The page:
Want to learn how to grow your own garlic? This guide will teach you the basics.
VARIETIES OF GARLIC
The most common type of garlic found in stores is artichoke garlic, which also is easy to grow at home in your garden. The savory bulbs are closely related to onions, and can be found in many varieties of two types: hardneck and softneck garlic.
Hardneck garlics come in dozens of bulb varieties and are considered the “original” or native garlic, while various growers for commercial production have cultivated softneck garlics, and these are the kinds usually found in supermarkets. You may want to try growing a different type of garlic best suited to your climate. Creole garlics are adapted to warm weather, while porcelain garlic grows better in northern regions.
CONDITIONS FOR GROWING GARLIC
Garlic will grow on a range of soils, but prefers a loamy soil rich in organic matter. The soil should be in the neutral pH range, from 6.5 to 7.0 for successful garlic growing. If your soil doesn’t meet these qualifications, add compost, humus or manure before planting garlic, and mix the soil well. Amend the soil pH if needed with lime or sulfur.
To grow bigger garlic, add plenty of 10-10-10 fertilizer throughout the growing season. Use an irrigation system or regular watering. If the bulbs are in dry soil, they tend to grow unevenly, so keep the soil moist for best results.
Garlic requires a fairly long growing season and can either be started indoors in the spring or outdoors in the fall. The plants begin to produce bulbs quickly in warm temperatures, so indoor plants should be strong enough to support the bulbs before they go outside. In zones 4 to 6, plant garlic in March or April. In warmer zones, plant garlic in the fall, letting it establish some roots before going dormant. It will then come up on its own in the spring.
Sow garlic outdoors anytime after September, or after the first frost, when the nights are cold enough not to encourage germination. Garlic is not grown from seed; to plant it, separate the cloves of a bulb and plant the larger, outer cloves. Place them in soil about a half-inch to an inch deep in an upright position, about three to five inches apart.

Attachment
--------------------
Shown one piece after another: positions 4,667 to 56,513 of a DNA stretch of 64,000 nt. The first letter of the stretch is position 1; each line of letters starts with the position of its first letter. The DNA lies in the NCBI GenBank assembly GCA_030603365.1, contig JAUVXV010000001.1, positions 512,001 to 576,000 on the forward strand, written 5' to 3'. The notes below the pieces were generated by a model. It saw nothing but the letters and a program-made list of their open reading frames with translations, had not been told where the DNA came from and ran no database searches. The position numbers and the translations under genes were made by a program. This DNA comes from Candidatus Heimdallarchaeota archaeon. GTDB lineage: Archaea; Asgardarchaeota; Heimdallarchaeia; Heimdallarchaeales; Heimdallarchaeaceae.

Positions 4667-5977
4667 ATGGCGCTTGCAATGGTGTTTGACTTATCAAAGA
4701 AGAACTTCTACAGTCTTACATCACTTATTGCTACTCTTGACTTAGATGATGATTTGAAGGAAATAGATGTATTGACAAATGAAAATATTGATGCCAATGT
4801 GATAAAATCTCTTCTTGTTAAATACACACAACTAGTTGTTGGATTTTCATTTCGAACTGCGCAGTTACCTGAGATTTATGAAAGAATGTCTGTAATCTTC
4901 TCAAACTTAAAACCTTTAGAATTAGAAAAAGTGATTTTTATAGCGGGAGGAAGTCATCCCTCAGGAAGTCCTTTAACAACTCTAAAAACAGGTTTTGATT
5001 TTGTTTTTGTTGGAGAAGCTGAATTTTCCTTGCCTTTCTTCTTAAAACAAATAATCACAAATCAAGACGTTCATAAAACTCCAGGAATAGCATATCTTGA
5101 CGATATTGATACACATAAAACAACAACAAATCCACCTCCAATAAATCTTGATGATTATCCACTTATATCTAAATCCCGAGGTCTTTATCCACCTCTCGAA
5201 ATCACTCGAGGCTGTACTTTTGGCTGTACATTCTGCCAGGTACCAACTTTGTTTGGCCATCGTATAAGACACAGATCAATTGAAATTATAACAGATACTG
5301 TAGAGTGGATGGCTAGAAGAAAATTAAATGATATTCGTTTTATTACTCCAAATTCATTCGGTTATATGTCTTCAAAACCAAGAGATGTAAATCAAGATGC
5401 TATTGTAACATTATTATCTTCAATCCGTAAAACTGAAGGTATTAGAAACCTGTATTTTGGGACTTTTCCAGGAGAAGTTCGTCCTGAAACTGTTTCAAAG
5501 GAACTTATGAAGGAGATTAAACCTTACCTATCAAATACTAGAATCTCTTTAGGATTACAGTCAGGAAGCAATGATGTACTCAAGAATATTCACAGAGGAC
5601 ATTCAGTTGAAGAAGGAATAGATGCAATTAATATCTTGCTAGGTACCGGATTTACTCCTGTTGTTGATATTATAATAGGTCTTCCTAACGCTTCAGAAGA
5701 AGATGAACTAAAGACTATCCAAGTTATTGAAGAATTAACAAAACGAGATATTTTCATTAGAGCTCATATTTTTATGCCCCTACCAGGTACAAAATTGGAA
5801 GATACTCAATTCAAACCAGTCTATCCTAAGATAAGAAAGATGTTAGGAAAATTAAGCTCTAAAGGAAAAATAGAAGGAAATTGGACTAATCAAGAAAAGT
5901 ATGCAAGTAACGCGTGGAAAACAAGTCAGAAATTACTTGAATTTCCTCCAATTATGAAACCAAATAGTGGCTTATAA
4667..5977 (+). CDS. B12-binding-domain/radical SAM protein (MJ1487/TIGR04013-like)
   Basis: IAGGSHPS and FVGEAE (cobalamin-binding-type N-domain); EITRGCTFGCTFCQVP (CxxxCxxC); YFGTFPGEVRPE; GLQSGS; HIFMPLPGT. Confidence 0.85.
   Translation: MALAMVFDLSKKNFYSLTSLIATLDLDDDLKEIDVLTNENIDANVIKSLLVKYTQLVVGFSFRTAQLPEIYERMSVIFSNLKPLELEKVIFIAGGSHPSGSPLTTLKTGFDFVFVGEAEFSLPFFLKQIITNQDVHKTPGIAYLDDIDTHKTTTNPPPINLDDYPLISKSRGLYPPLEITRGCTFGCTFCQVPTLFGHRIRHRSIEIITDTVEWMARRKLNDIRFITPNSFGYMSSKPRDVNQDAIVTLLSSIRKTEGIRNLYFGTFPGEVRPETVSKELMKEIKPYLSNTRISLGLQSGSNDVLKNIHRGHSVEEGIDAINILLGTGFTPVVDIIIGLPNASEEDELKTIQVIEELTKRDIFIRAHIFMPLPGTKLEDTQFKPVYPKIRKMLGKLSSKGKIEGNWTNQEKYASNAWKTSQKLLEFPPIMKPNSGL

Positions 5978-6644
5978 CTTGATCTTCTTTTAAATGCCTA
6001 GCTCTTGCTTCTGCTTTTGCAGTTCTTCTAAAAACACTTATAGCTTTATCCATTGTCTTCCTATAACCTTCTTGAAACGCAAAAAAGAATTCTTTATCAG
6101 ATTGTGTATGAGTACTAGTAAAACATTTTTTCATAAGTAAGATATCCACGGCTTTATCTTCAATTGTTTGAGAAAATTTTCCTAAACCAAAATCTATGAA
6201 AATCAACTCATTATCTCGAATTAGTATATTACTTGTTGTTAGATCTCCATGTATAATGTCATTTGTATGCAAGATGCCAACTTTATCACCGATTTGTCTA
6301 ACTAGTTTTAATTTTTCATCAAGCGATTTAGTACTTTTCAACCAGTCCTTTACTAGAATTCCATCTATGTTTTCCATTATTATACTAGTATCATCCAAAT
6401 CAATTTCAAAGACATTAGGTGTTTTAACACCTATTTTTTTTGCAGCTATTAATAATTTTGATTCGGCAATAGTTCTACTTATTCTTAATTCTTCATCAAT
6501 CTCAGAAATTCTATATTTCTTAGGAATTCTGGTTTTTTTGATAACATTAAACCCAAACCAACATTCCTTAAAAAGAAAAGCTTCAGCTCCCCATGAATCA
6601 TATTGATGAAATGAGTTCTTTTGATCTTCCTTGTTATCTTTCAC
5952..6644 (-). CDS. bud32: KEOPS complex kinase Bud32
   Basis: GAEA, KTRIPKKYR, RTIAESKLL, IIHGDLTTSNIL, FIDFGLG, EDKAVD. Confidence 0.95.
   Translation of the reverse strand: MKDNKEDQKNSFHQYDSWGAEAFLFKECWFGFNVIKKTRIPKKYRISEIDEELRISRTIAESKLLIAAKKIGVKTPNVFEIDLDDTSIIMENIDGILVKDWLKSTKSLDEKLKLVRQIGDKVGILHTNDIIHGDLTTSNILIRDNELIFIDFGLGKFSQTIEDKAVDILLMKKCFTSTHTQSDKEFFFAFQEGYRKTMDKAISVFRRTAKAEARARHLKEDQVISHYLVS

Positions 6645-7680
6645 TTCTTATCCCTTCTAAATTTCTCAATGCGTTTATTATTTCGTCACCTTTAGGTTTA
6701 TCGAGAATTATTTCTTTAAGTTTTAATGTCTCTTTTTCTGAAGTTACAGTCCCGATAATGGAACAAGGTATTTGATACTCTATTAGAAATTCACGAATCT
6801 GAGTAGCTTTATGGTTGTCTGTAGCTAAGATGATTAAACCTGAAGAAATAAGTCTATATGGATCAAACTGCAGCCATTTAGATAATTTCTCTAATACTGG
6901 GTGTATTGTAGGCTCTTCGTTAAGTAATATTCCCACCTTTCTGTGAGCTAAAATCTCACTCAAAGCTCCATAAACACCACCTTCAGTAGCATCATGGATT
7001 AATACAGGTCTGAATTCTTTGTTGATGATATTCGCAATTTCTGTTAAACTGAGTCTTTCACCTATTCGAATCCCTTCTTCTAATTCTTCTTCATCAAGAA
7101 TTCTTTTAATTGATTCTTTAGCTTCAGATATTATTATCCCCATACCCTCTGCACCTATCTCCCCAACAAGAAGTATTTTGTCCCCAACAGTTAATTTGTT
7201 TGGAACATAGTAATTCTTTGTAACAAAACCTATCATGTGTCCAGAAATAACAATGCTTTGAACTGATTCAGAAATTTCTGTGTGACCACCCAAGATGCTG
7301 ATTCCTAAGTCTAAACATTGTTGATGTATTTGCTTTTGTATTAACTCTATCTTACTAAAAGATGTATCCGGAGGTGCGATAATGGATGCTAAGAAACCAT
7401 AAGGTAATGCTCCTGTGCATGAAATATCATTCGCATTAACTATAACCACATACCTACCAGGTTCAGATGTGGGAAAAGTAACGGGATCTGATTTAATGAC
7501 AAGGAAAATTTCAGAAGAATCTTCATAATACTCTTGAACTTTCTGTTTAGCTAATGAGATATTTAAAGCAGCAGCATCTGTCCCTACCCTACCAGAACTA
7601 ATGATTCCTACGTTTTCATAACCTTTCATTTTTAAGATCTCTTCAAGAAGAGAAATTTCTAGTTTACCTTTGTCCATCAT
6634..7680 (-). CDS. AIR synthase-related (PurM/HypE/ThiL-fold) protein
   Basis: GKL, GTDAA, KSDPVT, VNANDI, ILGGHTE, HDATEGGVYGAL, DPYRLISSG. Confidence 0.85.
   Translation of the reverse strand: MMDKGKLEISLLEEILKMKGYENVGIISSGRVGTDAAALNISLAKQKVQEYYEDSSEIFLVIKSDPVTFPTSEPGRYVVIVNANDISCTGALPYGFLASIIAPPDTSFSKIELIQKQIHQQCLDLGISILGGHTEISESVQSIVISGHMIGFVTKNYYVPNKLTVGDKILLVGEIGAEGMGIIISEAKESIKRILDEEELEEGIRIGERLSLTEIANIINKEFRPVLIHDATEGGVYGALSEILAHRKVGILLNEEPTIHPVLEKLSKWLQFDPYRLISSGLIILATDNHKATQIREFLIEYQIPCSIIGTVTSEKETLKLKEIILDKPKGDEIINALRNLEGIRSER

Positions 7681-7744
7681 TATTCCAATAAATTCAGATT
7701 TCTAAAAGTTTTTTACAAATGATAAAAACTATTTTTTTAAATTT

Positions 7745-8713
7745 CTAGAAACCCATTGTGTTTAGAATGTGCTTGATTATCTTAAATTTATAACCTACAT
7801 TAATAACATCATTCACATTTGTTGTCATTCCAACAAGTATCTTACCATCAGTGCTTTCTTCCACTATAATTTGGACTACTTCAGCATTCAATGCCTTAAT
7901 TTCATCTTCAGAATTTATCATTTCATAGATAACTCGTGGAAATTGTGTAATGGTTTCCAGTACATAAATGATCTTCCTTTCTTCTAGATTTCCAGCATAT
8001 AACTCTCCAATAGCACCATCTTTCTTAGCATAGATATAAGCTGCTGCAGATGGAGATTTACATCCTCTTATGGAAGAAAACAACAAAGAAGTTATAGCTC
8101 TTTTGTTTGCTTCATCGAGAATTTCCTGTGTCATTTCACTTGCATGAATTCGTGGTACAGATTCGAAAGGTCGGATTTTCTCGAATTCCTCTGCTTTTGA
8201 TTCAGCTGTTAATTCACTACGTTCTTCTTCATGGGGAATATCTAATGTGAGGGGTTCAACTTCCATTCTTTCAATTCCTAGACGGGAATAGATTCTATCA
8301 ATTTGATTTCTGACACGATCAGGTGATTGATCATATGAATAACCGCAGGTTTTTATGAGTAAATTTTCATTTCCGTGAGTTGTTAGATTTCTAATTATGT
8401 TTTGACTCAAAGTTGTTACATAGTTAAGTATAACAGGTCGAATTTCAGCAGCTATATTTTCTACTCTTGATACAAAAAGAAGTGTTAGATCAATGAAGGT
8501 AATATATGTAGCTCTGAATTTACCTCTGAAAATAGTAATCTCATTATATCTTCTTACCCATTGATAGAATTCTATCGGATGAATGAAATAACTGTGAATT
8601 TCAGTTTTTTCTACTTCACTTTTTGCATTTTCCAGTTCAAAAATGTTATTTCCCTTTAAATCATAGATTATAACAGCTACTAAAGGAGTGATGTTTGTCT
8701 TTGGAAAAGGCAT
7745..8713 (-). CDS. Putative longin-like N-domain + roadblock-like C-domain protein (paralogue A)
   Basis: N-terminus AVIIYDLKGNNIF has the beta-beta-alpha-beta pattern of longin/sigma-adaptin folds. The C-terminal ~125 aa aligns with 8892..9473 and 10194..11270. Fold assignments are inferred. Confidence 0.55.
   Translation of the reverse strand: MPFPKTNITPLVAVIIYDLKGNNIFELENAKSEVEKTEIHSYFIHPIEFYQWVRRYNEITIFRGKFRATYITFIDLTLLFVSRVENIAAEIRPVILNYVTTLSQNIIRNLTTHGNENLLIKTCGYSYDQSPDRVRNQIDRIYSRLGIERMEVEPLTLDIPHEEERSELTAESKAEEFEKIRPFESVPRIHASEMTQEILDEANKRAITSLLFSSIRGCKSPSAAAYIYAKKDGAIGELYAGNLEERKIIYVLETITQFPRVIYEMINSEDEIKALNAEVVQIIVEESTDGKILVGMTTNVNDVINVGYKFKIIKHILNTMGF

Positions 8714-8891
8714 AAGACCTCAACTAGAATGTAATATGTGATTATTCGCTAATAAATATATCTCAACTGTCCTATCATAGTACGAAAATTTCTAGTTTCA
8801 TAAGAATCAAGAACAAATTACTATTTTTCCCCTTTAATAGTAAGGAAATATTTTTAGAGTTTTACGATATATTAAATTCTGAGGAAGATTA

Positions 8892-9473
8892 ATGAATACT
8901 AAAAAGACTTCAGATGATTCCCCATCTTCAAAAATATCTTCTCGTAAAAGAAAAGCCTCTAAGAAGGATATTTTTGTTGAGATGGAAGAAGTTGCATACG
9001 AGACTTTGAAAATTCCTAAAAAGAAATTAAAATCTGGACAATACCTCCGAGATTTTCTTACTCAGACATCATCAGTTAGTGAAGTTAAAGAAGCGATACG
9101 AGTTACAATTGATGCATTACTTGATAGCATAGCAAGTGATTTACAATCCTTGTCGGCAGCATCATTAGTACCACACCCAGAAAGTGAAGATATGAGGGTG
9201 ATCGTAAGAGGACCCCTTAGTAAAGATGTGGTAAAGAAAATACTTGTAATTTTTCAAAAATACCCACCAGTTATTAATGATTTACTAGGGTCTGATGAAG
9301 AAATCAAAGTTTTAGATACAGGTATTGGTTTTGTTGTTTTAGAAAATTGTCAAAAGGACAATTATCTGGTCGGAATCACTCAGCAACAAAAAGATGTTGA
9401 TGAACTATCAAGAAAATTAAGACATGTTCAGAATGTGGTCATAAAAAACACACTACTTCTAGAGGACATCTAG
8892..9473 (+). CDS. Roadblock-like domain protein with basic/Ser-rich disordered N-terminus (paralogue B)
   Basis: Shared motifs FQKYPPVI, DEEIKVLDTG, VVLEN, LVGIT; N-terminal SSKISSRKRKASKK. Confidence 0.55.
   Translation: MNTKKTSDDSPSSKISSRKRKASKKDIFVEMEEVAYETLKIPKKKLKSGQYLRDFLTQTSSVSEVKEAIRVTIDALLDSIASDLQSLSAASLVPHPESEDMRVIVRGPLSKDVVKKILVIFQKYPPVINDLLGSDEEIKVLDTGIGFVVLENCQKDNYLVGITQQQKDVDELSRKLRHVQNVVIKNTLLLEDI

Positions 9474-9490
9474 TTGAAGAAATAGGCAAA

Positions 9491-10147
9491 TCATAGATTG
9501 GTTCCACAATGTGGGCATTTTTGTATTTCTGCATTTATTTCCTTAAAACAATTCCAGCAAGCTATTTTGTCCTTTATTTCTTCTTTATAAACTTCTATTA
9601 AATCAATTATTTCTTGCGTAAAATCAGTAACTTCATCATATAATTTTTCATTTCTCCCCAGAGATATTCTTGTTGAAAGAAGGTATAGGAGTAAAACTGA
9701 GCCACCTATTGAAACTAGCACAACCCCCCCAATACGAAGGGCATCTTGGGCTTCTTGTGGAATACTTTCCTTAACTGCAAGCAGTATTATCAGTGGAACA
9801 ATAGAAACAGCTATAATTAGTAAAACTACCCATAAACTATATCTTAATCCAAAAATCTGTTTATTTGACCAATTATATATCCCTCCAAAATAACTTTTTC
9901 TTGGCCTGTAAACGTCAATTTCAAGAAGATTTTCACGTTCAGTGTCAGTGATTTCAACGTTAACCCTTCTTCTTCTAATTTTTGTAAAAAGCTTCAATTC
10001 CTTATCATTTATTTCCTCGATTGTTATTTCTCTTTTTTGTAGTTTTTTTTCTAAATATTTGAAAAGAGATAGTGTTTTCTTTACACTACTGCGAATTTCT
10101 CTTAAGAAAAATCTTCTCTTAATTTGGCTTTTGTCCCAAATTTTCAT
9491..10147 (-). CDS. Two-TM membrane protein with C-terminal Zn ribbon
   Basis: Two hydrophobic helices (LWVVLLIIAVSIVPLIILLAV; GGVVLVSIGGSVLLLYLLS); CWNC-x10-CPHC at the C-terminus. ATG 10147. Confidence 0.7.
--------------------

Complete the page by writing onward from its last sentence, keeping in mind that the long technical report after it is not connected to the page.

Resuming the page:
Water garlic regularly and keep the soil moist, but not wet. A rain gauge might be helpful for you to determine how much you need to water. In dry areas, mulch will be beneficial to help the soil stay moist evenly. Fertilize once a month at the start of the growing season by sidedressing the plants or using liquid fertilizer. Stop fertilizing when the plants begin to produce bulbs, since the fertilizer will encourage leaf growth rather than bulb growth.
You can harvest garlic as needed throughout the summer. Stop watering in the fall a week or so before you plan to harvest the rest of your garlic, to let the soil dry out for easier harvesting. Dig up garlic bulbs rather than pull them from the surface, to reduce injury to the bulbs and breakage of the stems. This is easily done with a hand cultivator or trowel in a home garden, but should be done before frost sets in for ease of digging.
Let the tops of the plants dry before storing garlic. When the tops are dry, cut them off an inch or so from the bulb. Garlic bulbs should be stored at 32 degrees Fahrenheit for the winter. Too much warmth and humidity in their storage location will encourage mold. Garlic should last six to seven months stored well.
COMMON PROBLEMS WITH GROWING GARLIC
Growing underground, garlic is not as susceptible to insects and diseases as some garden plants, but it has been known to be affected by the onion maggot. The leaf tips will show yellowing or browning if infected; pull the garlic and discard it to keep the bug from moving on to other bulbs.
Fungi and nematodes also should be guarded against with root crops. You can avoid fungi and nematode infestations in your soil be making sure the garden bed is well-drained and kept at a constant moisture level, not letting it get too wet or too dry.
For further info on starting your own gardens, or anything related to gardening, get in touch with Vandana at 9535025938 or send in a mail at [email protected]
Credits: Gardening Channel